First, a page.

The Empire of Fear Critical Essays

Brian Stableford


(Critical Survey of Science Fiction and Fantasy)

The Empire of Fear marks Stableford’s return to science fiction and fantasy after a period of several years in which he devoted himself to critical studies. This novel was well received by most critics. It is a fascinating work that blends elements of science fiction, fantasy, and history. Among its themes, the novel explores the attempts by the aristocratic vampires to resist changes that would mean the end of their power.

One fascinating aspect of Stableford’s novel is how he combines science fiction, fantasy, and history. He succeeds admirably in creating a believable alternate reality in which historical figures such as Attila the Hun, Charlemagne, and Genghis Khan are vampires who establish empires that have the potential to last for thousands of years. Furthermore, the characters of Richard the Lionheart and Vlad Dragulya share many similarities with their historical counterparts. Stableford also effectively uses elements of science fiction in the novel’s last section, in which he explains the extraterrestrial origin of vampirism and its effect on human physiology. Furthermore, he uses material drawn from fantasy, such as the false supernatural powers that the vampires use to help control humanity and the magic that apparently exists in Africa.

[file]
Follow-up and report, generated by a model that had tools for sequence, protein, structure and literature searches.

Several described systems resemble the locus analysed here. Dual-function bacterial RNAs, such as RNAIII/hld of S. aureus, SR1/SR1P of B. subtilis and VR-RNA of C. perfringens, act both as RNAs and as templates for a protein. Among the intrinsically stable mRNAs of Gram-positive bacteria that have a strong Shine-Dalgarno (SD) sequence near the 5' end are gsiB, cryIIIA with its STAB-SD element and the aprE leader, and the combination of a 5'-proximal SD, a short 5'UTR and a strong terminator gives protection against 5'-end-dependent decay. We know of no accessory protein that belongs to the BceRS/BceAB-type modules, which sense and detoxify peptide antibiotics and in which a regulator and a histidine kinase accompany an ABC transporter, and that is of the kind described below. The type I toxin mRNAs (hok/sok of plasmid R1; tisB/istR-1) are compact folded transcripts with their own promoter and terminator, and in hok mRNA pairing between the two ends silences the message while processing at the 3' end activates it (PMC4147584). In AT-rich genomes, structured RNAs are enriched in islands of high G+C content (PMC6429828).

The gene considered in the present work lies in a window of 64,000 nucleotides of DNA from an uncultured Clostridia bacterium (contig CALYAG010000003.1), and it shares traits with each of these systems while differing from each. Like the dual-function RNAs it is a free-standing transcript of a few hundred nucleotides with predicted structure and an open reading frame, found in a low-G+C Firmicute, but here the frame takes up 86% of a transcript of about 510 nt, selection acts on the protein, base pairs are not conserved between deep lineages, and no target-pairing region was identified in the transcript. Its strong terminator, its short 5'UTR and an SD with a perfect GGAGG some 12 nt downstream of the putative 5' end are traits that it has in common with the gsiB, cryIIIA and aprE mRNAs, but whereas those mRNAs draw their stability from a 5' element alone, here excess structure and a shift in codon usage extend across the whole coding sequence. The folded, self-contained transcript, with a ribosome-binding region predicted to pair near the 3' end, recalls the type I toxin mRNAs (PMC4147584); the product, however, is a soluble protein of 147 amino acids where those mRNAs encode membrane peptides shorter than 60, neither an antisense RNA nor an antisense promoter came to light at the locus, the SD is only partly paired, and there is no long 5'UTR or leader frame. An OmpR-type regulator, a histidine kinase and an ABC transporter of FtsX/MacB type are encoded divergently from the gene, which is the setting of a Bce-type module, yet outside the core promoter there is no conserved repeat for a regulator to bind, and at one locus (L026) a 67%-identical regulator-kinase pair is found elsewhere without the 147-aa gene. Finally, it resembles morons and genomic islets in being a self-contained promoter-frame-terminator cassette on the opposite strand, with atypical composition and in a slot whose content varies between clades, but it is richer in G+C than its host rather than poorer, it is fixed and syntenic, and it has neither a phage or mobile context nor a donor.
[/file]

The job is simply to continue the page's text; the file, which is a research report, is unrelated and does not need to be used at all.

One important theme in Stableford’s novel is the struggle of the elite vampires against change. Once the vampires have established their empires, they do everything they can to maintain their dominance. The vampires use their superior abilities and long life spans to create a supernatural aura around themselves that helps keep humans in positions of subservience. Once science progresses enough to discover the truth about vampirism, change becomes inevitable. The vampires struggle to keep the knowledge from spreading, because if humans became like them, the elite vampires would lose their advantage. Their attempts to suppress the truth eventually fail because even though vampires can kill humans, they cannot destroy ideas. Even Dragulya admits that although they might win, the vampires cannot stop the tide of change from sweeping their society away and creating a new world in which the majority are vampires and the minority are normal humans.